Originally Posted by Deer Hunter
That struck a nerve very bad with me because I feel that it is her body, and though they are the parents, it is not their duty to force their child to do things to her body against her will.
I think it's a grey area. My 13 year old is involved in decisions about her medical care. I speak very openly and honestly with her about things, try to get her to look at things critically, and listen to her. Ultimately I'm responsible for her right now, but I feel like this is the period of her life when I get to train her HOW to make these kinds of decisions. If I just make them for her she misses out, but if I just let her make them without teaching her to think criticially, she also misses out.
I wouldn't, BTW, force my DD to do something to her body against her will. One thing about teens is that they have plenty of ways of taking control of their bodies in destructive, rebellous ways. I think that parents who get into power struggles over this are misguided.
Once kids are old enough to drink, smoke, use illegal drugs, have sex, cut themselves with knives, etc., parents really need to pick their battles and think about how they are teaching kids to make choices rather than forcing kids to make exactly the choice the parent wants on those few things that parents actually can control. There is so much more that we really and truly don't have control over. I believe that the more we respect a teens right to control their body, the less likely they are to do something stupid just to prove us wrong.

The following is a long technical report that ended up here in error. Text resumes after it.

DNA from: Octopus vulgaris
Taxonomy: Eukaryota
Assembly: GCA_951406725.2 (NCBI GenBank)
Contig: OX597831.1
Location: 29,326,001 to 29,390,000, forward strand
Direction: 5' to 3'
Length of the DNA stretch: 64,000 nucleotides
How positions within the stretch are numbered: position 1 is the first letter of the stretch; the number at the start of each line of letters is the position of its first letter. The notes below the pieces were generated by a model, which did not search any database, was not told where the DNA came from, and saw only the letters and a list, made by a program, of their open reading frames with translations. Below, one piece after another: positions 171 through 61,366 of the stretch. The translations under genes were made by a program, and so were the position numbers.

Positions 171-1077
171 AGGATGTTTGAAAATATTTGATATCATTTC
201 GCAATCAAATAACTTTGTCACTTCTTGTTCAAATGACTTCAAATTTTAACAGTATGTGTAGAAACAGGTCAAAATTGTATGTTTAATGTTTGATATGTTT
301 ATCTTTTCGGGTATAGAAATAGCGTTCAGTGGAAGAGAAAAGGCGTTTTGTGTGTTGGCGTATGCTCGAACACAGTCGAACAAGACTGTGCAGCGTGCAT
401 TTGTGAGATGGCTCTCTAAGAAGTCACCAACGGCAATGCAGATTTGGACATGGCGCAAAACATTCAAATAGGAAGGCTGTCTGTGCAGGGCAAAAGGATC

|Not to mention, I’m one hundred percent antovaccination, so I supported her daughter.
I suspect that this is more the issue than whether or not teens should get to make their own choices regarding their bodies. I suspect that your response would have been different if the teen had wanted vaccines and the parents were against them.
I really see it the same way either way, and I believe that teens are old enough to be part of the decision. However, that only works if the parents truly are OK with the teen making either choice.
|I also explained that they should be patient with their daughter, since she is going through a very confusing period in her life, and she is only trying to find herself. I also let them know how tough it is to be a teenager, as that time of my life is one I never want to live.
But would you be OK with your teen deciding to get the MMR? Would you be able to talk calmly to your own child? Respect her choice?